Several men of science have come out in opposition of this piece of literature and it appears that they are being written off as reptile-loving quacks. This particular writing of mine is not the forum for me to offer a contradiction to the USGS’ slanted report. You know what matters about this report? It is thick. Very thick. 300 pages, give or take. I am confident it has been printed and placed in a 3-ring binder by many congressional staffers. How many have actually read it? Very few, I’m sure. How many have read it and then sought professional advice as to the validity of its content? Fewer still. It’s 300 pages, after all, and there are more pressing matters in the country. Heck, I haven’t even read every word of it. This is the reason for the so-called Executive Summary. Distill this content into something small, please. Twenty pages? No, still too big. Senators and Congressmen are busy people. Let’s get this down to something smaller. A few sound bites would be nice. Perhaps a picture or two. It’s odd, …I just read a similar distillation of Sleeping Beauty to my daughter tonight as she went to bed. In ten lavishly illustrated pages the entire story of Aurora was told and at no point was an admission made that many relevant facts were being omitted. I am left to wonder if members of the House and Senate are aware that they are being read bedtime stories …stories re-written by special interest groups (HSUS and Nature Conservancy) that are full of canned and baseless drama. But the best stories are the ones that have a villian and an innocent child, are they not? Fairy tales. But the python is not a beautiful princess. No prince is riding to its aid. This time Maleficent may actually win…
Large constrictors, burmese pythons in particular, are typically lazy things. I have written it before that the burmese pythons I have kept in the past were some of the most gentle animals I have ever owned. The way they are characterized in the media and by the HSUS is completely undeserved. Here is a video showing just how interested in hurting people they really are. HSUS loves to try and sell pythons to uninformed politicians as sinister, people stalking creatures. The reality is quite the opposite.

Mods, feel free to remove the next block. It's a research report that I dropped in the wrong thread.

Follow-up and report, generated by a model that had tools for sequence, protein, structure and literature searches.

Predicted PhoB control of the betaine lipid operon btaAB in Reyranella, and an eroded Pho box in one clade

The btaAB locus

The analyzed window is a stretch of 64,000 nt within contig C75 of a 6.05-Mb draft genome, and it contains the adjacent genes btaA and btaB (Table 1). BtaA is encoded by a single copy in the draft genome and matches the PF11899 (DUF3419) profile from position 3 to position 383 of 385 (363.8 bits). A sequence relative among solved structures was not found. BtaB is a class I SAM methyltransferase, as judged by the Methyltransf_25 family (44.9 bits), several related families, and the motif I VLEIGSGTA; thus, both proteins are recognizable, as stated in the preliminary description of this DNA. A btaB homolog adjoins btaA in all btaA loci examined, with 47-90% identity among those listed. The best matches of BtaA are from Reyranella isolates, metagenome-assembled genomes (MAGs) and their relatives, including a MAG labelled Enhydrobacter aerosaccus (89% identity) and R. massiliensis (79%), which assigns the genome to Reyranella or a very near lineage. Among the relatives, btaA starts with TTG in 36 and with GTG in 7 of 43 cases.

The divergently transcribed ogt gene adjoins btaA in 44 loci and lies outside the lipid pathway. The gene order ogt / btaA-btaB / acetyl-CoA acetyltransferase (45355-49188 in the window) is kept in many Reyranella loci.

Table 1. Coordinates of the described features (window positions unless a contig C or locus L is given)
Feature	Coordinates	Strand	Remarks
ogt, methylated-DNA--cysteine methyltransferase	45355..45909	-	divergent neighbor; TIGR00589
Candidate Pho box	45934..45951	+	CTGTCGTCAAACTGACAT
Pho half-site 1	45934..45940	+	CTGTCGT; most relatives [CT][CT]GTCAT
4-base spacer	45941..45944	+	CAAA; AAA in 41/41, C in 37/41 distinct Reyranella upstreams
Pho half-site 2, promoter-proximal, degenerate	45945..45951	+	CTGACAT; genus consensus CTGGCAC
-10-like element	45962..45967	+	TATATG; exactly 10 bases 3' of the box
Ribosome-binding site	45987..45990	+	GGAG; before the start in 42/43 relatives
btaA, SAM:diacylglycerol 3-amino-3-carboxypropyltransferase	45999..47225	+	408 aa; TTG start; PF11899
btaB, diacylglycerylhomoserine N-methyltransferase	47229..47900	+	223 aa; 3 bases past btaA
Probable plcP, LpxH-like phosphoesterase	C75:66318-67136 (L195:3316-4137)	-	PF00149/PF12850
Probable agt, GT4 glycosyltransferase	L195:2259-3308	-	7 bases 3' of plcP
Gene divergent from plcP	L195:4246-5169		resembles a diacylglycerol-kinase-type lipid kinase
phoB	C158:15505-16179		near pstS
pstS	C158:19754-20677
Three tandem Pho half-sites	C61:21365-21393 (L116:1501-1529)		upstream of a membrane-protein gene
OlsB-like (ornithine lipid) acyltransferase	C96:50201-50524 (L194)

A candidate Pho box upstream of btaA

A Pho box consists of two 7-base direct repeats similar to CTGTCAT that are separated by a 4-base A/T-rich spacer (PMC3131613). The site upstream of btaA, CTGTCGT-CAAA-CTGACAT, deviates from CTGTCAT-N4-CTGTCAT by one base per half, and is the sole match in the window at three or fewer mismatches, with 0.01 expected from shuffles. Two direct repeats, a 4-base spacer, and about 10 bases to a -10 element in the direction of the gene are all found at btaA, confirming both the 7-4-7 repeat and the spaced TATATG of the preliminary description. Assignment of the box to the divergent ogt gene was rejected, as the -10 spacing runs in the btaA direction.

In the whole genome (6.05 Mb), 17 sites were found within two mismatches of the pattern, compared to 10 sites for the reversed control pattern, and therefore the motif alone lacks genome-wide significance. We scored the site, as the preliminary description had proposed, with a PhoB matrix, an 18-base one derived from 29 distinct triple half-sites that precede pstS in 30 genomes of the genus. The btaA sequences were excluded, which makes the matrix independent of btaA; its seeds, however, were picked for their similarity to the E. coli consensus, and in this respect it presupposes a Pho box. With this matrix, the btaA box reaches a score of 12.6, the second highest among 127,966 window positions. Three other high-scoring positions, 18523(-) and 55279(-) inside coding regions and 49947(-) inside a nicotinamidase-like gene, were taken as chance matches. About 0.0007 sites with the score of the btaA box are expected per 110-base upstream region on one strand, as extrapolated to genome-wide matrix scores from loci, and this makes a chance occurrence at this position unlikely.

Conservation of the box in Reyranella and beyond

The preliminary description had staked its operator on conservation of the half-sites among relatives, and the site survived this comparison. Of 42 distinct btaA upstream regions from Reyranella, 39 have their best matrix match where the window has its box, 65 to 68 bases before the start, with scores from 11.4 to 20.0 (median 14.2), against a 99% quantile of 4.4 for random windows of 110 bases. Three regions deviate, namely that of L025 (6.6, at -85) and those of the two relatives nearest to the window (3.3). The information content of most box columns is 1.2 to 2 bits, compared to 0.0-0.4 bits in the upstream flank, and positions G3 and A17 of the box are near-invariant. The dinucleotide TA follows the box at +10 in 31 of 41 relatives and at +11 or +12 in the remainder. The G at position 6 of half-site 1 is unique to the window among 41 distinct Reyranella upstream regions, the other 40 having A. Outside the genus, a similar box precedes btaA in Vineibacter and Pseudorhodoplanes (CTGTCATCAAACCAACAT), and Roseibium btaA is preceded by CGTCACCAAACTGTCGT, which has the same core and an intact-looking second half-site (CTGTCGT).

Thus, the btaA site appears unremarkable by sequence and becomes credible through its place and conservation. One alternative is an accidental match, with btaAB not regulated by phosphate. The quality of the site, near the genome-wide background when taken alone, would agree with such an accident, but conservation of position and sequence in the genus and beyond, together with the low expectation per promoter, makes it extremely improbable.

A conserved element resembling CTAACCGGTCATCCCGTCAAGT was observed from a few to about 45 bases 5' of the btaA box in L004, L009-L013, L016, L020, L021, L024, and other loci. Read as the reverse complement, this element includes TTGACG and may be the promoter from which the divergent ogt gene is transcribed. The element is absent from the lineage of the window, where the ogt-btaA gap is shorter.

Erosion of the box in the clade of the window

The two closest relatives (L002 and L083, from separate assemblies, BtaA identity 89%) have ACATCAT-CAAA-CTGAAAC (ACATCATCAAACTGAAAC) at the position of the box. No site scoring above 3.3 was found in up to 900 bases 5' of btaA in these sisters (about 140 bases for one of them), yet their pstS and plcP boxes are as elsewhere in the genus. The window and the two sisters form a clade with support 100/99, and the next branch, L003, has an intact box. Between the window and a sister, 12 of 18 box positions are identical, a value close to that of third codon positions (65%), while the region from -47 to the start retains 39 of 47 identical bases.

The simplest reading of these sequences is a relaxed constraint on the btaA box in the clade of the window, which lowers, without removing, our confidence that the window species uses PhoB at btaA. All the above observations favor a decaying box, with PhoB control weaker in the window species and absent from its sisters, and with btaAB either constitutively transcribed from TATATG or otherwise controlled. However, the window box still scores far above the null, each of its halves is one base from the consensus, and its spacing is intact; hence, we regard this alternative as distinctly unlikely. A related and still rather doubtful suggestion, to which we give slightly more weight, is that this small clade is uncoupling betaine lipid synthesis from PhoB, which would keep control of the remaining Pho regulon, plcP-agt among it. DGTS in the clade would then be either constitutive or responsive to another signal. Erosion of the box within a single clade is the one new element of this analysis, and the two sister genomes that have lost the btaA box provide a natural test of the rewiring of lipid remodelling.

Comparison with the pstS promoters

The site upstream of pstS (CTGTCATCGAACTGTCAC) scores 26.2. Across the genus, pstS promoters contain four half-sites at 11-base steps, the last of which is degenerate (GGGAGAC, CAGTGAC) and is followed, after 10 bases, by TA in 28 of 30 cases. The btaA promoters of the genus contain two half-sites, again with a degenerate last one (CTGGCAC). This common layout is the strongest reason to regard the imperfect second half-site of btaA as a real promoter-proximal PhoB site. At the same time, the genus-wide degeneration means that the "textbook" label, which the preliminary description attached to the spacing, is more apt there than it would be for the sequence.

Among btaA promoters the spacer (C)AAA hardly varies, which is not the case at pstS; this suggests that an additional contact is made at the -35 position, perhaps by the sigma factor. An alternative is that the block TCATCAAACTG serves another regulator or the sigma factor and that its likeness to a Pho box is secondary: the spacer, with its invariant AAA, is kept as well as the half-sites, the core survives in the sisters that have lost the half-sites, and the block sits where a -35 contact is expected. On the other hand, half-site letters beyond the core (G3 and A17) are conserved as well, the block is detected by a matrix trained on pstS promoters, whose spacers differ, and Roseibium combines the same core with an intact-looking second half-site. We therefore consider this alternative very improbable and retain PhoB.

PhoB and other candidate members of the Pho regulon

The reptile community could really use a good public relations campaign right about now. I recommend you stop waiting for our industry’s “leadership” to make things right. You need to find a way to do something yourself. If you own a large constrictor why don’t you take a moment to mail (no, not email) some photos and perhaps a video to members of Congress showing them how your snake is not menacing and how you take care to be a responsible snake owner. Legislating to the lowest common denominator is no way to run a country. The only thing being paraded in front of our representatives are the negative husbandry examples. I know there are hundreds of thousands, if not millions, of responsible owners of large constrictors. What an awesome impact it would be if even 40% of us sent in personal testimonials about our pets. If you’re not motivated you better get there; your rights are on the line. If you are motivated, double it. I do not want to wake up one day and not have the right to own the reptile of my choosing.
P.S. – I seriously doubt politicians watch youtube so don’t post videos there thinking they are going to make it to the eyes of a government representative. I’ll throw a few bucks down and wager that the overwhelming majority of politicians don’t even check their own email. Kick it old school and send in a personal letter.